Miami University students are taking their talents to every avenue of the theatrical world with the production of “Octets,” a brand new musical that will premiere next semester in Studio 88. The project will be written, composed, directed, produced, designed and performed by students.

The musical tells the story of two feuding singing groups, headed by leads Clay and Vicki, at a university resembling Miami. The show explores relationships that form between various characters, including a Shakespearean romance that is emphasized by lyrics written in iambic pentameter.

Sophomore marketing and arts management double major Austin Lamewona first came up with the concept for “Octets” three years ago.

“I initially wrote a couple scenes, but I don’t know how to compose music, so I set it aside for awhile,” Lamewona said. “And then the summer before coming to Miami, I wasn’t majoring in theatre like I thought I would, and I felt like I needed a project to dive into so I wouldn’t lose that part of myself. I found the scenes I had written and decided to give it another try.”

After a few years of practice writing plays, Lamewona felt more confident coming back to his stowed-away idea for a musical.

“I have never written a musical before, or written lyrics for music very seriously, but I am a playwright, so it’s not a completely foreign venture for me,” he said. “I had to do a lot of research, trial and error, which is fun for me. I’m working on my fifth draft right now.”

Still lacking the musical insight needed to tackle such a project, Lamewona turned to a fellow Miami student whom he had known and looked up to in high school, senior secondary English education major Nick Witzeman.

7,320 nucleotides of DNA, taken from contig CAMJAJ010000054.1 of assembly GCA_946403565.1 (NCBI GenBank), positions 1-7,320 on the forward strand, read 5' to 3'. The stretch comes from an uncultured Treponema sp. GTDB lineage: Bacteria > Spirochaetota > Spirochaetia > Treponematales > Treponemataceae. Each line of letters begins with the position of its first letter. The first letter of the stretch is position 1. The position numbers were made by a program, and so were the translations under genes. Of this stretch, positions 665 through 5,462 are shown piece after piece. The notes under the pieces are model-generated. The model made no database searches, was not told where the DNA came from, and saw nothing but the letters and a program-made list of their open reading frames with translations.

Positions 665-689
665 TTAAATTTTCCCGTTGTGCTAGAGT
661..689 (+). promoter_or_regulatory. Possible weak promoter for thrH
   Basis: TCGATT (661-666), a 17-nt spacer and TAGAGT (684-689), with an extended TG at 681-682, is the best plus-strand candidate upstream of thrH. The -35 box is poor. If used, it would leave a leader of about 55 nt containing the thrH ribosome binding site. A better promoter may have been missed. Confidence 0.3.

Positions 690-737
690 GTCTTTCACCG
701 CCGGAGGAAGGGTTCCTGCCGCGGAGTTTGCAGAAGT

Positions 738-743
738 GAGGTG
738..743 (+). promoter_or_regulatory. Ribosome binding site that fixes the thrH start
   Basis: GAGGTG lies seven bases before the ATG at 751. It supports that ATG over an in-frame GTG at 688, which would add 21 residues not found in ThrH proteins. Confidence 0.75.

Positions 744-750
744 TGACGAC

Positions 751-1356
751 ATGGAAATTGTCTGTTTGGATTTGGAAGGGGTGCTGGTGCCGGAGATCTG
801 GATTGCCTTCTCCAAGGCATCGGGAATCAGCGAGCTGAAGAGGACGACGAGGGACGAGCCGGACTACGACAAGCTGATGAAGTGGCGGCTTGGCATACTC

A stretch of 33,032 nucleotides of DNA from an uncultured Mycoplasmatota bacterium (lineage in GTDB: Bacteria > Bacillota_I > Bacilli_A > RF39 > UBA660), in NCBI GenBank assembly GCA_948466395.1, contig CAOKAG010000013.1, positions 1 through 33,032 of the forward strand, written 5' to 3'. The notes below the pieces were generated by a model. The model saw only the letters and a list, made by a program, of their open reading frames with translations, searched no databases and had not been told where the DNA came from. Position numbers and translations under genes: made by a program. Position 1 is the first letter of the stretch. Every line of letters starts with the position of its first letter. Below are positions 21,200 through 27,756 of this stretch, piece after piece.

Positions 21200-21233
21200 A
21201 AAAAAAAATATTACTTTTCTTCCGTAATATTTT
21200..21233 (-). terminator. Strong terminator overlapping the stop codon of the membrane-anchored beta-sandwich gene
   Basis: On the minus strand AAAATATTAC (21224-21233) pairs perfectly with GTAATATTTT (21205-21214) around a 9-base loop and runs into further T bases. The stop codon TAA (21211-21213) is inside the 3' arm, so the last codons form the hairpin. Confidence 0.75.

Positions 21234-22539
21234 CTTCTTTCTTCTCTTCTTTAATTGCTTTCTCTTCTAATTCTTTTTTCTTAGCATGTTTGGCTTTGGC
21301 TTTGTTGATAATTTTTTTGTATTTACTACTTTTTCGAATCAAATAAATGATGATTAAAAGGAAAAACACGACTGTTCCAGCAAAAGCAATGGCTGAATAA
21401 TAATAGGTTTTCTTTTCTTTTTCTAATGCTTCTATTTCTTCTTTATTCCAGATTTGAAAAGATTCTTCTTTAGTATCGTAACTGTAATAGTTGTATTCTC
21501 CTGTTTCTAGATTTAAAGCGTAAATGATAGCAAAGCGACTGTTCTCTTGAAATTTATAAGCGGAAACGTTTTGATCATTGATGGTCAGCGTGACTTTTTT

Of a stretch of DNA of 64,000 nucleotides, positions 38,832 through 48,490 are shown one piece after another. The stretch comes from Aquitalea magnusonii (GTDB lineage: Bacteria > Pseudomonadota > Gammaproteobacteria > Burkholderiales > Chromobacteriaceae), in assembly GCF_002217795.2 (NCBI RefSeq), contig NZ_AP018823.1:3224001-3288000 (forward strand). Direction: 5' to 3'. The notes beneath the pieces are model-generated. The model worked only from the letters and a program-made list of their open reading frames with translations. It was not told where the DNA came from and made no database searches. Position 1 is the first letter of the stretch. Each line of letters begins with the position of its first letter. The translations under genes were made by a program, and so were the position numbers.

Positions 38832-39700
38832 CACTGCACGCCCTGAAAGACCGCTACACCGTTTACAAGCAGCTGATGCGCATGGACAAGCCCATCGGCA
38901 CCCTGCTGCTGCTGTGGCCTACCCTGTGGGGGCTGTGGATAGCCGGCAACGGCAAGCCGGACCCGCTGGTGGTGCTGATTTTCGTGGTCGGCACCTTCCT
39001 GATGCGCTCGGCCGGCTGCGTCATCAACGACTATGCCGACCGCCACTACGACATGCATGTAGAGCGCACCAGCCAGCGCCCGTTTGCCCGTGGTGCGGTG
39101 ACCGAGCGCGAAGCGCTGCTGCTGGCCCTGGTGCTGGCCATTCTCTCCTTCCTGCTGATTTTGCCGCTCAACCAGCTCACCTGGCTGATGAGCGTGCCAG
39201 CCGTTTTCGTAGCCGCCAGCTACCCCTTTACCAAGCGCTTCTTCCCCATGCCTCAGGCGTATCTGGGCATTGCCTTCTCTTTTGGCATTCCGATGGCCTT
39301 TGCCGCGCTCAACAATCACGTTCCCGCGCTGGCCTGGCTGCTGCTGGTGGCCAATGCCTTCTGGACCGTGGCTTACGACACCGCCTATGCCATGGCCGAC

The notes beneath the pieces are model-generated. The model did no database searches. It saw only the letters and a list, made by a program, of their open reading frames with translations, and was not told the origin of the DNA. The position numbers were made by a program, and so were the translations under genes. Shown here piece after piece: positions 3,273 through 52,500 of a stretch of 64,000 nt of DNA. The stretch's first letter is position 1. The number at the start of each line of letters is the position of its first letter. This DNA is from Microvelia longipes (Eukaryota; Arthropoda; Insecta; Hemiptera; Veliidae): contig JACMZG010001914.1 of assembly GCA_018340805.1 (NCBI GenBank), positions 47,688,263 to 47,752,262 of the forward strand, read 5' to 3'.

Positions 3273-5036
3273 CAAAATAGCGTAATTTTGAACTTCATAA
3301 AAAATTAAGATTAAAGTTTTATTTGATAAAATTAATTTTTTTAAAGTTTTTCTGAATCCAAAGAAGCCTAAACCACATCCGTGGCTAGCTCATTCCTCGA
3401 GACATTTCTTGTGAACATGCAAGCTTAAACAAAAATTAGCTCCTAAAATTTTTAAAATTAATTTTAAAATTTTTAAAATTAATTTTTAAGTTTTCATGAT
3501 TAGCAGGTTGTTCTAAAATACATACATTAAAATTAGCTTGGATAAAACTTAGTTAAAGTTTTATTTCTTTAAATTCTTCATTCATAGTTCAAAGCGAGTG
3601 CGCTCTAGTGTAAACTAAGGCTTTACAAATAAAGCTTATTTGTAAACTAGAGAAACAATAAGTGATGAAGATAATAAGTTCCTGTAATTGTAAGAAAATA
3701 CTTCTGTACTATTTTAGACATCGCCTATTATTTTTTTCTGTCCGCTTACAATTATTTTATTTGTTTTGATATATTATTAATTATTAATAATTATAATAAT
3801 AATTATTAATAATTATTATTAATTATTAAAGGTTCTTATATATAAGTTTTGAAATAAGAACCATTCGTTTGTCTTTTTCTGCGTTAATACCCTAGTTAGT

“Austin and I were in shows together in high school, including one my senior year that I wrote the music for,” Witzeman said. “He contacted me two summers ago to talk about maybe writing a show together, so we’ve been doing it since then. It’s a great partnership — we work really well together.”

Since the initial Facebook message that catalyzed the partnership, Lamewona and Witzeman have finished their final draft of “Octets” and will begin rehearsals in February 2018, with Lamewona as director and Witzeman as vocal director.

Surprisingly for someone so young, this will not be Lamewona’s first attempt at directing. He has previously written and directed a play that went up at the Cincinnati Fringe Festival.

“I think it’s a really good thing to be able to direct something you’ve written,” he said. “Especially to be the first one to direct it after writing it, so you can see the play the way you’ve imagined it.”

Through applying for grants and partnering with the Department of Theatre to acquire performance space and potential design guidance, Lamewona’s concept is slowly but surely coming to fruition.

To help with logistics, marketing and the overall running of the production, junior theatre and arts management double major Caroline Avolio has joined the team as producer.

“When Austin pitched the show to me and showed me some samples of music and the text, I was on board automatically because it sounded like a cool project,” she said. “And once I read through the whole thing it solidified my decision. To be honest I was pretty amazed that students created the show. I really enjoyed the story.”

To put on a show that is fully student-produced takes a lot of trust and group effort, which is symbolically reflected in a constant motif throughout “Octets.”

“I think the major theme of the show is about the importance of collaboration,” Witzeman said. “And so the music is a very ensemble-driven show, not a show that is dependent solely on the leads to carry it forward, but a team effort. That’s what I’m striving for in the music, to have every voice be important.”

As the project exits the drawing table and heads to the production stage, there is only one hesitation coming from the producer. Avolio’s main concern moving forward is that people might not take the musical as seriously because of the youth of the show’s creators.

“That’s the main thing I’m nervous for, because of preconceived notions about student work,” she said. “But I’m most excited to prove all of that wrong. Because I think it will be a really cool thing. There is a lot of talent behind this. We’re excited to see it come to life.”

Auditions for “Octets” will take place from 6-10 p.m. on Tuesday, Nov. 28, in the Center for Performing Arts room 114 and on Wednesday, Nov. 29, in Presser Hall room 008. For more information, go to the show’s Facebook page.

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